5. The fact that one person who needed to make the biggest impression in this series made if for the wrong reason - dropping Hashim Amla. Murali Vijay was incessantly talked up by people. He seems 'to belong' unlike Badri, but did not have the bloodymindedness to make it count. He and not Badri was the replacement for RD and it is for that reason that he will rue this series as a missed opportunity.

Sad home truths

This post started off as a congratulatory post for the Indian team for a professional display in Kolkata. As I was reviewing some past results, I thought of doing an exercise, just of the heck of it.
A venue-wise list of Tests, ODIs and T20s staged at some major venues in India from 2007 till date.
Test - Australia 2008
Test - England 2008
ODI - Australia 2009
T20 - Sri Lanka 2009
Test - South Africa 2008
Test - England 2008 (Originally Mumbai)
ODI- West Indies 2007
T20 - Yet to host one
Test - Pakistan 2007
Test - South Africa 2010
ODI- Sri Lanka 2007
ODI- Sri Lanka 2009
T20 - Yet to host one
Test - Pakistan 2007
Test - Australia 2008
ODI - Australia 2007
ODI - England 2008
T20 - Yet to host one
Test - Sri Lanka 2009 (Brabourne)
Test - England 2006 (Wankhede)
ODI - 2006 ICC Champions Trophy (Brabourne) One among 3 venues with 5 ODIs
ODI - Australia 2007 (Wankhede)
T20 - Australia 2007
Test - Pakistan 2007
Test - Australia 2008
ODI - Australia 2009
ODI - Sri Lanka 2009
T20 - Yet to host one
OK OK Delhi is not a 'Major' venue in that sense. But that is the fault of the DDCA and not the paying public
Alright, what does the above show us that we already do not know.
The good lawyer, who until 2007 did not even have a passport, became the BCCI President in 2008. And then....
Test - Australia 2008 (Jamtha)
Test - South Africa 2010 (Jamtha)
ODI - West Indies 2007 (VCA)
ODI - Australia 2007 (VCA)
ODI - Australia 2009 (Jamtha)
ODI - Sri Lanka 2009 (Jamtha)
T20 - Sri Lanka 2009 (Jamtha)
I long for the good old '90s when the ODIs went to the Rajkot/Guwahati/Jamshedpur and the three tests were played at Eden, Chepauk and Wankhede.

Thursday, February 11, 2010

We knew it all along Mickey

It is known to all that Mickey Arthur is no longer the South African coach. So, when he bags a player in the Indian line up, it is not likely to be 'psychological warfare' but an honest opinion from a man who was till now an opponent.
Anyway, what Arthur says here and here is public knowledge. Just that the men who matter - Srikkanth, Dhoni, Sachin and Gary Kirsten - choose to play ostrich. Arthur goes on to talk about the need to be honest. Pigs may well be flying.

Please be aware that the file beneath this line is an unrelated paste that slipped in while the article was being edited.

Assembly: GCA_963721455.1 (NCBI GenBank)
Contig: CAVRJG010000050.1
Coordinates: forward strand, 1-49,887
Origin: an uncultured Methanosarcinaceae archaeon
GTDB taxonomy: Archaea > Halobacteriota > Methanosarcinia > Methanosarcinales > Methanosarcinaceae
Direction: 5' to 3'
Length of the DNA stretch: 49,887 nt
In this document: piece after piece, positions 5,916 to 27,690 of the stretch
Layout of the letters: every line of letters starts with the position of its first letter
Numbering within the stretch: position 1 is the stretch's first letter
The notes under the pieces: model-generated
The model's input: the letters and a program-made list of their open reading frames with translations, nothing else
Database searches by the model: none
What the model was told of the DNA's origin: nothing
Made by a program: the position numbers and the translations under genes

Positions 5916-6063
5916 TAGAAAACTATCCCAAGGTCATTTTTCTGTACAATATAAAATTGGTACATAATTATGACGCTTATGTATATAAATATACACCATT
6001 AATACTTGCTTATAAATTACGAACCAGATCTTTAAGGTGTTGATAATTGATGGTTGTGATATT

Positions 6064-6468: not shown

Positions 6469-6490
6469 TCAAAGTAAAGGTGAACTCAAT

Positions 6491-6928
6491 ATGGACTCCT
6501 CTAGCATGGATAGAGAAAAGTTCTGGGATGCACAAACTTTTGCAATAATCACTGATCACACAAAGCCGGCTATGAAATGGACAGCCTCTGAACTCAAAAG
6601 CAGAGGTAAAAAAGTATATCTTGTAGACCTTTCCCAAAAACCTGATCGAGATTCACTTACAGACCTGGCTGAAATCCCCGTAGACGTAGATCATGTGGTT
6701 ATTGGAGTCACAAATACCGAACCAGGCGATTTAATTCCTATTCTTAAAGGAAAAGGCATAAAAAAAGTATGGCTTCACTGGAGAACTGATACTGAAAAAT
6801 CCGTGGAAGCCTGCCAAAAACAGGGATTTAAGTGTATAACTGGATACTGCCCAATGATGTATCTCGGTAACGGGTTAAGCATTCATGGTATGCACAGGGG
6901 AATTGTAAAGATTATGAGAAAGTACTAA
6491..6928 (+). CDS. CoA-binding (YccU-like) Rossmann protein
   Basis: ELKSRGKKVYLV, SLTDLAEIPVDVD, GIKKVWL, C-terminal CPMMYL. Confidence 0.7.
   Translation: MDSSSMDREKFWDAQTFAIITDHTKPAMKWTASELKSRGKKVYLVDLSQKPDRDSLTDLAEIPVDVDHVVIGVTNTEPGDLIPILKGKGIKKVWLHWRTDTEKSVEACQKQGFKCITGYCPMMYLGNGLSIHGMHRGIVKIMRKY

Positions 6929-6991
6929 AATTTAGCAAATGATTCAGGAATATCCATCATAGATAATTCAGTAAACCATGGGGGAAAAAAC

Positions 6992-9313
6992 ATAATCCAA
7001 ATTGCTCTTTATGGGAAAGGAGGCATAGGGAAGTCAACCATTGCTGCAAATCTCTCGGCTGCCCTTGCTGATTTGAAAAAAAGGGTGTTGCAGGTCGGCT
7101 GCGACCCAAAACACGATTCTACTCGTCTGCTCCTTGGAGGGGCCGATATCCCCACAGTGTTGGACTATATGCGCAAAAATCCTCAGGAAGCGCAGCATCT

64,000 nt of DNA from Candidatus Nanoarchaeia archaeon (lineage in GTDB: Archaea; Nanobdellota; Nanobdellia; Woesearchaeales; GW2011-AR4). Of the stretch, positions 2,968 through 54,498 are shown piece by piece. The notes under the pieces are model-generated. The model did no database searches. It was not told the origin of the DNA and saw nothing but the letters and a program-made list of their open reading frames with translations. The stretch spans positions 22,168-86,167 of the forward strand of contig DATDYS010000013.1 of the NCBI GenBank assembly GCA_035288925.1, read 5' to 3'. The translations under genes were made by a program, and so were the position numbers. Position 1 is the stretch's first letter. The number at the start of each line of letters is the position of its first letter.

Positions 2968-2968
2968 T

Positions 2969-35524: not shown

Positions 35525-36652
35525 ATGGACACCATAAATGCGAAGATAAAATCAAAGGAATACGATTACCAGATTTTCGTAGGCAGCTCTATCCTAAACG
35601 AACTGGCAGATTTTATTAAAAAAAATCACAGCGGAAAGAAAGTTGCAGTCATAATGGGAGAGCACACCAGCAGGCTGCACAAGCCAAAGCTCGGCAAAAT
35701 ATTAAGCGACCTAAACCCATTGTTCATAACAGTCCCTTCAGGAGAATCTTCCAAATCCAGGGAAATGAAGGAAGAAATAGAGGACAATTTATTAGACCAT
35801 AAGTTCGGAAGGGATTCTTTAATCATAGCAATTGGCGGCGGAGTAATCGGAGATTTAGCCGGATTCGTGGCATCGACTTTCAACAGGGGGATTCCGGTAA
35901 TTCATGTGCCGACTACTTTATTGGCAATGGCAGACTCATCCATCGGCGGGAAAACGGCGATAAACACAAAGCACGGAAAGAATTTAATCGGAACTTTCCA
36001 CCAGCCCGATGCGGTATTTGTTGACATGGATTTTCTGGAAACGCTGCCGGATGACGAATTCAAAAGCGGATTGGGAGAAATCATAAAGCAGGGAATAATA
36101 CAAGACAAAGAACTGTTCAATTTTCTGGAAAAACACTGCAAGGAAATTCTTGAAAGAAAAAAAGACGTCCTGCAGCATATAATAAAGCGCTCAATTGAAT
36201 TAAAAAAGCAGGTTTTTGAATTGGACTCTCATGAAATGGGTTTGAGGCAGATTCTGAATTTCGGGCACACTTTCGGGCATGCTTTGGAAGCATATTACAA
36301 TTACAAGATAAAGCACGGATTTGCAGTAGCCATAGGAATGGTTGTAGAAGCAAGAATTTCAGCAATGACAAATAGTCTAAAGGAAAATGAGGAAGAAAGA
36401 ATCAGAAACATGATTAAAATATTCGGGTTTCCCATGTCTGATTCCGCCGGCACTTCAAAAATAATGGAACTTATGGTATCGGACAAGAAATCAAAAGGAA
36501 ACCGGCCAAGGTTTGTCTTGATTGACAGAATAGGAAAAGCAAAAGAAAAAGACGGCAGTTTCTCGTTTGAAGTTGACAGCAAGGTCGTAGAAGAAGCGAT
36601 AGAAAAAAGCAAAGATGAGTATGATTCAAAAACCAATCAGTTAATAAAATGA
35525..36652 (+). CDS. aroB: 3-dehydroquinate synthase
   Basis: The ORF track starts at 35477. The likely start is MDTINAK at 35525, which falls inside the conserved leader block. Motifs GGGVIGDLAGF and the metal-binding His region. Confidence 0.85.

PS: The Turbanator strikes back , not at Arthur but at the doubting Thomases like me. After all, he is India's No 1 spinner.

PS 2: Ram Mahesh of 'The Hindu' gets him here. I hope this is an indicator of things to come and Bhajji is deservedly kicked out of the team for good

PS 3: The TOI is on it as well. There is some momentum now

Wednesday, February 10, 2010

No pain no gain

An innings defeat in this context is not as bad a result as it looks.

While it is true that the selection was questionable on many fronts, it would be unfair to blame the selectors alone for the result.

Three reasons for that:

0. Perhaps THE best spell of fast bowling seen in recent times. Dale Steyn , in days to come would rank alongside Allan Donald for the sheer intensity and impact. He will have ordinary days too, but every now and then he will produce such a series deciding spell. RD and VVS may have been around and the result may still have been no different. No shame in that. With Morkel and Parnell looking the part, South Africa look set to dominate.

1. Although the selection of fringe men lacked the totality that ought to be in a team - Mithun and Tyagi in the squad with neither realistically with a chance of being in the playing XI - the core team (under circumstances) still picked itself and they have played against RSA before. Saha was a questionable selection and the next time we may see him on NEO as a "former test cricketer" but the kid did himself no disgrace in the second innings and can walk with his head held high. Not his fault that he finds himself in the playing XI. Anyway that's what he is supposed to aim at. I can't fool myself that Rohit would have lasted as long as Saha did. In that sense, a major cause for defeat failing of the 2 of 3 main batsmen, Sachin and Gambhir, (As far as I am concerned, the jury is out on Dhoni as a test batsman) when they were needed to dig in.

Similarly, no matter who the fringe picks may have been, the 4 bowlers in the starting XI would have been no different - we have seen enough of MSD to come to that conclusion - save the Mishra - Ojha musical chairs game. It is Ishant and Durby who let the team down after Zak's twin strike. ( Let us cut some slack for Mishra who I must say has been shabbily treated in Dhoni's tenure ). And neither Ishant nor Durby is a fringe-man.

And how are India going to beat their nemesis at home when both the main batsmen and bowlers go AWOL?

2. Poor tactics

There would have been several key phases over 4 days and three innings but I must say here that India played some poor cricket in key moments.

Day 2, Kallis batted himself into a rut allright, but India would have realised the pressure on him. I could not see a concerted attack on him - like Durby to Ponting in the second innings in Bangalore 08. True that Kallis still managed to get himself out and true also that Ponting got away on that occasion, but by and large, Kallis was allowed to play his own game. There were not enough men crowding the bat and talking about Jason Gillespie.